>>> <crwlrjeff@yahoo.com> wrote:
>>>
>>>>
>>>><casagiannoni@optonline.net> wrote in message
>>>>news:fkuiq7htt243gccjf03fdegq1hfluaj9pv@4ax.co m...
>>>>>I have a 2001 Toyota Prius with an intermittent problem with the 12
>>>>> volt battery. When not used for one day I find the 12 volt battery
>>>>> depleted and requiring a jump to start the car. The car then performs
>>>>> normally for perhaps several days, before the problem repeats. The 12
>>>>> volt battery has been tested and found to be OK etc. Apparently, on an
>>>>> intermittent basis, there is a slow draw on the 12 volt battery. Any
>>>>> informed help with this problem would be greatly appreciated and
>>>>> thanks !
>>>>
>>>>I'm confused, mostly due to not ever looking at how a hybrid is put
>>>>together, but if there is a 12v battery, as there is in all other cars,
>>>>that
>>>>does the job of performing initial start, then if the car does not start
>>>>and
>>>>the battery in question is 12 years old, then it is dead and is crying
>>>>out
>>>>to be replaced.
>>>>
>>>>After all of that, your symptom set supports the idea that the battery
>>>>is
>>>>dead.
>>>>
>>>>It is common that a battery will require a jump, and then operate
>>>>"properly"
>>>>for some period, and then require a jump again. Over time -- weeks,
>>>>usually -- the period where the jump start is required becomes shorter
>>>>and
>>>>shorter, eventually a jump is needed every day, and then everytime the
>>>>car
>>>>is started. This is a typical pattern at end-life for an automotive
>>>>battery.
>>>>
>>> Thanks for responding ! I was not aware of the intermittent character
>>> of the dying automotive battery. In the Prius it is of small size and
>>> capacity, since it is not used to "crank" start the engine. As such,
>>> it is very expensive and I'm naturally reluctant to replace it,
>>> although it would seem that I haven't much choice.

>>
>> Toyota, and others, has started to make the clock fail to keep time when
>> the battery is weak. The idea is that the flashing time will attract your
>> attention to a depleted electrical supply, and you will seek a remedy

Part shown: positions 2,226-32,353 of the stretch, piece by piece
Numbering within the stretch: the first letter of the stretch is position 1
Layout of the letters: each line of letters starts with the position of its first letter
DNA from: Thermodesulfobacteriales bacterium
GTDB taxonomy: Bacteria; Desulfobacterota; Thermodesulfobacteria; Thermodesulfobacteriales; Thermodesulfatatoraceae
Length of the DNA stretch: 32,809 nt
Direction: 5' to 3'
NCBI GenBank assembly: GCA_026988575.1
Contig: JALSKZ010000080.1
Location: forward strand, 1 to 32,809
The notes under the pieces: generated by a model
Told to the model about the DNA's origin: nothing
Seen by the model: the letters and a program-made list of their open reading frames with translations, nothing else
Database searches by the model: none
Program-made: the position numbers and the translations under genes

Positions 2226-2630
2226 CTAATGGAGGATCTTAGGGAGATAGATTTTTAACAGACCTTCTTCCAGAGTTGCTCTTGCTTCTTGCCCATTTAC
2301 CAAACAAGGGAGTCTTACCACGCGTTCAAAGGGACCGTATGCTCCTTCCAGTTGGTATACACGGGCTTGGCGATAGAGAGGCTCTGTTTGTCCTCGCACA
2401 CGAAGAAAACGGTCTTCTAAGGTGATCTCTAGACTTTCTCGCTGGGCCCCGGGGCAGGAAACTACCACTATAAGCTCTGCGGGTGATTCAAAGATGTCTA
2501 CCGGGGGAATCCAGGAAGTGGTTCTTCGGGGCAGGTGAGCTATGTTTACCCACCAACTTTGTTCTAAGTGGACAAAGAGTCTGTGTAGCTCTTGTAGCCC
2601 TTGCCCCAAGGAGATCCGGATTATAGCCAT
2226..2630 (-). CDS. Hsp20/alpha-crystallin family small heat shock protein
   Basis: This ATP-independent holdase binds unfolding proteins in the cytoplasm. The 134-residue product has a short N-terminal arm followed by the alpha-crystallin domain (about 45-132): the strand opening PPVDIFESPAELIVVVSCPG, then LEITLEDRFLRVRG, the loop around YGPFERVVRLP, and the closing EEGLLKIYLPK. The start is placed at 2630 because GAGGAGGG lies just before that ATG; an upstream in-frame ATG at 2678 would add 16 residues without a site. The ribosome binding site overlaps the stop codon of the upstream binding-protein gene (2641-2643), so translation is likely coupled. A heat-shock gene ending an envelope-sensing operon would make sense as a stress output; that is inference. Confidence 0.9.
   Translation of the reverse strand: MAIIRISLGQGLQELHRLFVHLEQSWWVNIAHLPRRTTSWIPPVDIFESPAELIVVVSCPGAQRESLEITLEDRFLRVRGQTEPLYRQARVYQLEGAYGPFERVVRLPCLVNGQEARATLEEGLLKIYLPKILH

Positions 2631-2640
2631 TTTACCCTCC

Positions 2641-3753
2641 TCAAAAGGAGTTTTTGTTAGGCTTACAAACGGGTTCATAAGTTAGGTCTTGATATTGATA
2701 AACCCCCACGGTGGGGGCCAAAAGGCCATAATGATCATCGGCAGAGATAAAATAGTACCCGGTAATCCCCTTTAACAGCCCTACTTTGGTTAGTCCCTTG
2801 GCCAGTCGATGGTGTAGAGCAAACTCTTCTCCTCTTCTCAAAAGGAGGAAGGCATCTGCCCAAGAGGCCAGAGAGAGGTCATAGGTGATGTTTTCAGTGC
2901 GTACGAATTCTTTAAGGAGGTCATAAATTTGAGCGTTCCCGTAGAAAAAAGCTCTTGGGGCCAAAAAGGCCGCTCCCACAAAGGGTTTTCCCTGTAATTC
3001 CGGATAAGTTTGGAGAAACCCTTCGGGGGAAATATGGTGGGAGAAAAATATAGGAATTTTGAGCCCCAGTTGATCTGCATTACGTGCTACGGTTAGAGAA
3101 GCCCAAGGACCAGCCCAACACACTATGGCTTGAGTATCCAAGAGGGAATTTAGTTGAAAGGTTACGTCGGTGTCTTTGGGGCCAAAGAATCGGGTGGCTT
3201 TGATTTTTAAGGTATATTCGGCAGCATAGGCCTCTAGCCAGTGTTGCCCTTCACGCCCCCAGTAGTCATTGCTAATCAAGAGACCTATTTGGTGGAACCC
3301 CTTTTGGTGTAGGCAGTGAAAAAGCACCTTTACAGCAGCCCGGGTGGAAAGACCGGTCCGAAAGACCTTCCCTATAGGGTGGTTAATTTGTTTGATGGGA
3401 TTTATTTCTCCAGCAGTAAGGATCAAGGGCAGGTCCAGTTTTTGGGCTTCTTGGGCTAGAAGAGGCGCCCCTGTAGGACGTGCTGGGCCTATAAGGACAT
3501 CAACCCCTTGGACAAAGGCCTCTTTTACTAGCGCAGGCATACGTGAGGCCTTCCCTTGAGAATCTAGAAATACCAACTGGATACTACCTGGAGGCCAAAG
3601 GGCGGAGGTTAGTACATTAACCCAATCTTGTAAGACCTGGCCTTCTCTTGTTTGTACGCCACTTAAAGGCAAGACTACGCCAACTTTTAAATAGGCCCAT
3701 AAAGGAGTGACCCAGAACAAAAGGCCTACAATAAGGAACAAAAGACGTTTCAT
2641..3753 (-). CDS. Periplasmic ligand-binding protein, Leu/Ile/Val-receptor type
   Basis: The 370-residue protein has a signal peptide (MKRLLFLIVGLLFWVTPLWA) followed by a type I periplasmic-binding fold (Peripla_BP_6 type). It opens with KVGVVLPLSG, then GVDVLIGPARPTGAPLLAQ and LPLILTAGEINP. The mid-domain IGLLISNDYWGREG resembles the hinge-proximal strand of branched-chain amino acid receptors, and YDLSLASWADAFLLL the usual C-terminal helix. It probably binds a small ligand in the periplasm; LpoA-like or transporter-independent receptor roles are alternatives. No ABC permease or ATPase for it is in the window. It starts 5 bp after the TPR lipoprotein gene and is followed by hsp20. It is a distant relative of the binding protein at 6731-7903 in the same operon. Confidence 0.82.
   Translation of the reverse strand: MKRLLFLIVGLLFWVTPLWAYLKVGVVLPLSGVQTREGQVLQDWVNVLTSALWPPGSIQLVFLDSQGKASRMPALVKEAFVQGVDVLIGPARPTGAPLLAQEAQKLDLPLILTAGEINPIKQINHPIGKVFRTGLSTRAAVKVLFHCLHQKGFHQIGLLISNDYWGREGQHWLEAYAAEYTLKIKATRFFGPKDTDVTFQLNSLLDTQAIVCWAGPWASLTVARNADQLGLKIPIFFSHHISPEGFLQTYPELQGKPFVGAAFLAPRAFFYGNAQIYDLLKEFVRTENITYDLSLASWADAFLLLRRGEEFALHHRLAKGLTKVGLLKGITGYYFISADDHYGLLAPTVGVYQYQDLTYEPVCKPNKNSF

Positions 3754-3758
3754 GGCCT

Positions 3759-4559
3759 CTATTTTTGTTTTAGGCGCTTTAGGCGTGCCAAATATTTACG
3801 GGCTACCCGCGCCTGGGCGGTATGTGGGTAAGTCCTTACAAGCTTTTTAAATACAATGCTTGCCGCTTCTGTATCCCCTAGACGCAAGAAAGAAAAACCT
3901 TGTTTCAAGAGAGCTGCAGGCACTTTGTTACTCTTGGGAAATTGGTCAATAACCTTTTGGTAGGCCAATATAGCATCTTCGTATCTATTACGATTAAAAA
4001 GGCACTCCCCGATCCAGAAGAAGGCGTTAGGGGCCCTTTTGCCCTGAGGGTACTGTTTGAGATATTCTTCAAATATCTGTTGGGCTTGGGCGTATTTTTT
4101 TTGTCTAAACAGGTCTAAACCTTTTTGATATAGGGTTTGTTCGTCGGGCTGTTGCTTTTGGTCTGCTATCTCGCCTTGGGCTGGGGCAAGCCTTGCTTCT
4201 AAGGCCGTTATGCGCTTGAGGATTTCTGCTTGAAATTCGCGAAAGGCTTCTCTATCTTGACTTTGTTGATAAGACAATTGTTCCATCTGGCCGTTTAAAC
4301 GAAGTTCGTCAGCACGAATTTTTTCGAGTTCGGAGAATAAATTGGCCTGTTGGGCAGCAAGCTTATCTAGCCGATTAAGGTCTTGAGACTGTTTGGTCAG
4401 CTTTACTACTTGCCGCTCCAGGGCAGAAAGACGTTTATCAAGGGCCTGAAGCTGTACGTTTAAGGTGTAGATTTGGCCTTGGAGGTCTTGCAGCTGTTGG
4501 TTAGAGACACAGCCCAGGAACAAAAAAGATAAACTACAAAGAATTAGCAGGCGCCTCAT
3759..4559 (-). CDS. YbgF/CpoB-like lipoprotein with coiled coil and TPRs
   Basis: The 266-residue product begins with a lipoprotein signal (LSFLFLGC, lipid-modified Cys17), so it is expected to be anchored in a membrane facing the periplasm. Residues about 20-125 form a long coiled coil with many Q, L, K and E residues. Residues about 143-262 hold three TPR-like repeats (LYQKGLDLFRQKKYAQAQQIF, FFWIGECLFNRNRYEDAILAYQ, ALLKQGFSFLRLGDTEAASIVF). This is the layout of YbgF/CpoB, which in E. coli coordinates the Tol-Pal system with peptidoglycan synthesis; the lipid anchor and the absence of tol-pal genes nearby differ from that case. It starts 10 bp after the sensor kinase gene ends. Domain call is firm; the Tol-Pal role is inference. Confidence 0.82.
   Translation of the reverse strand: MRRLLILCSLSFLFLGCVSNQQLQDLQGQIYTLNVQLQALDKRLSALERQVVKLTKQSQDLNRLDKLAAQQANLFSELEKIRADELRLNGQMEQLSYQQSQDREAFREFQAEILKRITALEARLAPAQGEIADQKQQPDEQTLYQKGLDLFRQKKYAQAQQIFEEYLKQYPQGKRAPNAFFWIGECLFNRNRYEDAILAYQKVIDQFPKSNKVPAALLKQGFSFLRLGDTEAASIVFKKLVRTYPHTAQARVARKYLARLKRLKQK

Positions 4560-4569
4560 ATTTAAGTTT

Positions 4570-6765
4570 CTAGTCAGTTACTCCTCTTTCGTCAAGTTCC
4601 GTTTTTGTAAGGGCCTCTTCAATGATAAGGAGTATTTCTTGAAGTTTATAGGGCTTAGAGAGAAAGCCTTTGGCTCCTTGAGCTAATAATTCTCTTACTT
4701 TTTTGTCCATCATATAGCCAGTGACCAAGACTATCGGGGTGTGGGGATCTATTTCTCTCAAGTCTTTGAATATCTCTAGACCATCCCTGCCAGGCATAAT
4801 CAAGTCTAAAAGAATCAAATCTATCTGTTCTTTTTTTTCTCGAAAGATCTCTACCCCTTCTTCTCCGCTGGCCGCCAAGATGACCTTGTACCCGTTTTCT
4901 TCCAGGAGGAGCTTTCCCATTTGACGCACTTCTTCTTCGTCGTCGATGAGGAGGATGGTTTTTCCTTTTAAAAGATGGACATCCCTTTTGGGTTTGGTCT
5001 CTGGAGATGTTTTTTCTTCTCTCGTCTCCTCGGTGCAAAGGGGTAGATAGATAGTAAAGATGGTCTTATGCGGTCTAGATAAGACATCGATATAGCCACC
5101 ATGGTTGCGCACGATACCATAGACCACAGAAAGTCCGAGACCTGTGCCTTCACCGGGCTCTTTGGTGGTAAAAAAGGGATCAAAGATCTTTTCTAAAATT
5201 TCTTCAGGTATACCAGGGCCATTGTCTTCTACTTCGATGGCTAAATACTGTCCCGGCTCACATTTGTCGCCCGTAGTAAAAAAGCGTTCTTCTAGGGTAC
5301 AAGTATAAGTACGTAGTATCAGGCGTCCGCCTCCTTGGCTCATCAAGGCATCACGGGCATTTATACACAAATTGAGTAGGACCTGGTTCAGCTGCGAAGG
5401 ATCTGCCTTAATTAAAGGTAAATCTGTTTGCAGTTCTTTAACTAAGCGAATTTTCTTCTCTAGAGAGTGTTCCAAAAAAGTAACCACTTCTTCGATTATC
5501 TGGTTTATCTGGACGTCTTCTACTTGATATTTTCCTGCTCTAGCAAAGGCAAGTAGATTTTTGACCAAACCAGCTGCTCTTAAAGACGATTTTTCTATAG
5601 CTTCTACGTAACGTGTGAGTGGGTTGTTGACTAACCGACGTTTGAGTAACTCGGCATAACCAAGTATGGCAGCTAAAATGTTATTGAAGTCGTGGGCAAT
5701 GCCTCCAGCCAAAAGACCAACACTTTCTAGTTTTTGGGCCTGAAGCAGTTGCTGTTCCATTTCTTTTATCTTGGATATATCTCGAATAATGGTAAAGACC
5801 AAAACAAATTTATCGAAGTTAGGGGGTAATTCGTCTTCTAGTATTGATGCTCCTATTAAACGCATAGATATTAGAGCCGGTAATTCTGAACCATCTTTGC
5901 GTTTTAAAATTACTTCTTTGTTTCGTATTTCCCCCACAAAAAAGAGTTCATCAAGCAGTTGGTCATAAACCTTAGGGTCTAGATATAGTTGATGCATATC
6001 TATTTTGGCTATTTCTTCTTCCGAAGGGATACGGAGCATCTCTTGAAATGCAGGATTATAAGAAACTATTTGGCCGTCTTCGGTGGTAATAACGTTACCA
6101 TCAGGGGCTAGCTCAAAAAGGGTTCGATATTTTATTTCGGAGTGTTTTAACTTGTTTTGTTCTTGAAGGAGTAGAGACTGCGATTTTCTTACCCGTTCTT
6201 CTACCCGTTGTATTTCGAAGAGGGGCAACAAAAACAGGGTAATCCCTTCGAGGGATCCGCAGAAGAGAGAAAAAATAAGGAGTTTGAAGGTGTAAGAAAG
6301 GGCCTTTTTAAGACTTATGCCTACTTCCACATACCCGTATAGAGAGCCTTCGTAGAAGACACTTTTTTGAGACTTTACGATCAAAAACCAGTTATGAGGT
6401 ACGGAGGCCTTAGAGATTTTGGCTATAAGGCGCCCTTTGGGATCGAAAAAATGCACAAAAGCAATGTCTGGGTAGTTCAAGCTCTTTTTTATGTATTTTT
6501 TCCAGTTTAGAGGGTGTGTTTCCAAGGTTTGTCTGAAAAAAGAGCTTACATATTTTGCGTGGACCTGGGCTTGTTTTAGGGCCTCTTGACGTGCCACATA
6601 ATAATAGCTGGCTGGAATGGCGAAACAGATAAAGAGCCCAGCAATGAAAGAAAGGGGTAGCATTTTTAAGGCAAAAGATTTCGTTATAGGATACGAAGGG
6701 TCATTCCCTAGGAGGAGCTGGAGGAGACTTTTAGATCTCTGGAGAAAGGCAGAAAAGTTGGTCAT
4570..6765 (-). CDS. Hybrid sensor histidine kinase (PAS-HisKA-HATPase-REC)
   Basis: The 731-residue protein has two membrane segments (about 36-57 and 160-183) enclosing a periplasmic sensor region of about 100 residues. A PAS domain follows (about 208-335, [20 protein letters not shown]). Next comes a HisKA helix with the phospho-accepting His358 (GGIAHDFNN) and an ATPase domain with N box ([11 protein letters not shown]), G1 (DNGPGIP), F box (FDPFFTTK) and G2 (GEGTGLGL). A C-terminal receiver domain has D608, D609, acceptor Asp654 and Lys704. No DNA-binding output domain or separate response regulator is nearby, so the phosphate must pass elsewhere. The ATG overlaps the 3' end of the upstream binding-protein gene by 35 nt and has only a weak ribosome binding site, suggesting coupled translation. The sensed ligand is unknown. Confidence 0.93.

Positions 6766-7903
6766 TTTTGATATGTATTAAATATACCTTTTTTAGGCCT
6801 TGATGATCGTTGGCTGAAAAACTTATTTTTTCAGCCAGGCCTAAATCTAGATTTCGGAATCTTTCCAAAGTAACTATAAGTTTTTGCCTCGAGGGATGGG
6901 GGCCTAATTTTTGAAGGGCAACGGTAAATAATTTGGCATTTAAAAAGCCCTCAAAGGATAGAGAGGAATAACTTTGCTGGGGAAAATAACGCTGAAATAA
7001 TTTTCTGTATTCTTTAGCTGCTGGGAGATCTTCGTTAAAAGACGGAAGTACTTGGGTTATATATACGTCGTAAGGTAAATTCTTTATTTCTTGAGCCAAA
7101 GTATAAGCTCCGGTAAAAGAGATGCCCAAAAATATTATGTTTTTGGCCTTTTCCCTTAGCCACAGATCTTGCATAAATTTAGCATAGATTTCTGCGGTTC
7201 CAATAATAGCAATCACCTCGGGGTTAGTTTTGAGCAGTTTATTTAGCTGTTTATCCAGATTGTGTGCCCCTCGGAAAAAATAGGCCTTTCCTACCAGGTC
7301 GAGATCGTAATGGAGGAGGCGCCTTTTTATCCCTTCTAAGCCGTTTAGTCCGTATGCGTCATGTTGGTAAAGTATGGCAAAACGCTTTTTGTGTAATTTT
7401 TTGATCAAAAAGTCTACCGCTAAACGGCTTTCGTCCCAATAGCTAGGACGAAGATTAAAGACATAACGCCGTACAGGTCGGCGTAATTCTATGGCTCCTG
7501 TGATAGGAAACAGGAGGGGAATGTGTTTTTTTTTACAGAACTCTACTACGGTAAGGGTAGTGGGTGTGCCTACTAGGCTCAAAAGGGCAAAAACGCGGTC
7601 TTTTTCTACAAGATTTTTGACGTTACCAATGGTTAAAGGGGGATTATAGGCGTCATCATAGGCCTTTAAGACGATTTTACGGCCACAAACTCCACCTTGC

>> before the real nasty stuff starts happening. I have a friend that asked
>> me to look into his constantly having to reset the clock. He would start
>> his Highlander, and the clock would be flashing 12:00. He could set the
>> clock and it would be fine for the rest of the day, but the next day it
>> would be flashing 12:00 again. I suggested he have the battery checked,
>> and they discovered that it was at endlife. I don't know that this is
>> discussed in the Owner's Manual or not, but if it really is a feature,
>> then it should be covered. It makes sense to me that making the clock
>> flash would be a good way to show that the battery charge was going down.
>> It would not be very hard to make the clock demand 12.6v, for example,
>> and when the voltage dropped to 12.4 then the clock would flash. This
>> would give enough reserve power to let the driver react to the
>> situation...

>
> I doubt if this is a "planned" feature. More likely it is the result ot
> the battery voltage dropping way below 12 V.


But the voltage did not drop way below 12v because nothing else was
affected. The car did all of it's various operations perfectly, including
starting. If the voltage was way below 12v, then starting would have been
affected.

Ironically you end your comments agreeing with me that lights start flashing
when the battery power drops without any other malfunction being indicated.
Planned feature or not, I was attempting to steer the OP, and everybody
else, to look at other symptoms that include "randomly" flashing lights
along with the AAA truck in the driveway as a strong indication that the
battery is dead.




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Old 10 May 2012, 12:25 pm   #10 (permalink)
C. E. White
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Default Re: Prius 12 Volt Battery Problem


"Jeff Strickland" <crwlrjeff@yahoo.com> wrote in message
news:jogr6t$6f3$1@dont-email.me...

>> I doubt if this is a "planned" feature. More likely it is the result ot
>> the battery voltage dropping way below 12 V.

>
> But the voltage did not drop way below 12v because nothing else was
> affected. The car did all of it's various operations perfectly, including
> starting. If the voltage was way below 12v, then starting would have been
> affected.


An how do you know that? Maybe only the clock is espeically sensitive to low
voltage. In the case of my Fusion, only the ABS computer seemed particuarly
sensitive. The clock, radio setting, etc. were unafffected and the car never
failed to start.

> Ironically you end your comments agreeing with me that lights start
> flashing when the battery power drops without any other malfunction being
> indicated. Planned feature or not, I was attempting to steer the OP, and
> everybody else, to look at other symptoms that include "randomly" flashing
> lights along with the AAA truck in the driveway as a strong indication
> that the battery is dead.


Definitely agree that you should pay attention to symptoms usch as clocks
that randomly reset to 12:00. I doubt it was a planned feature.

Ed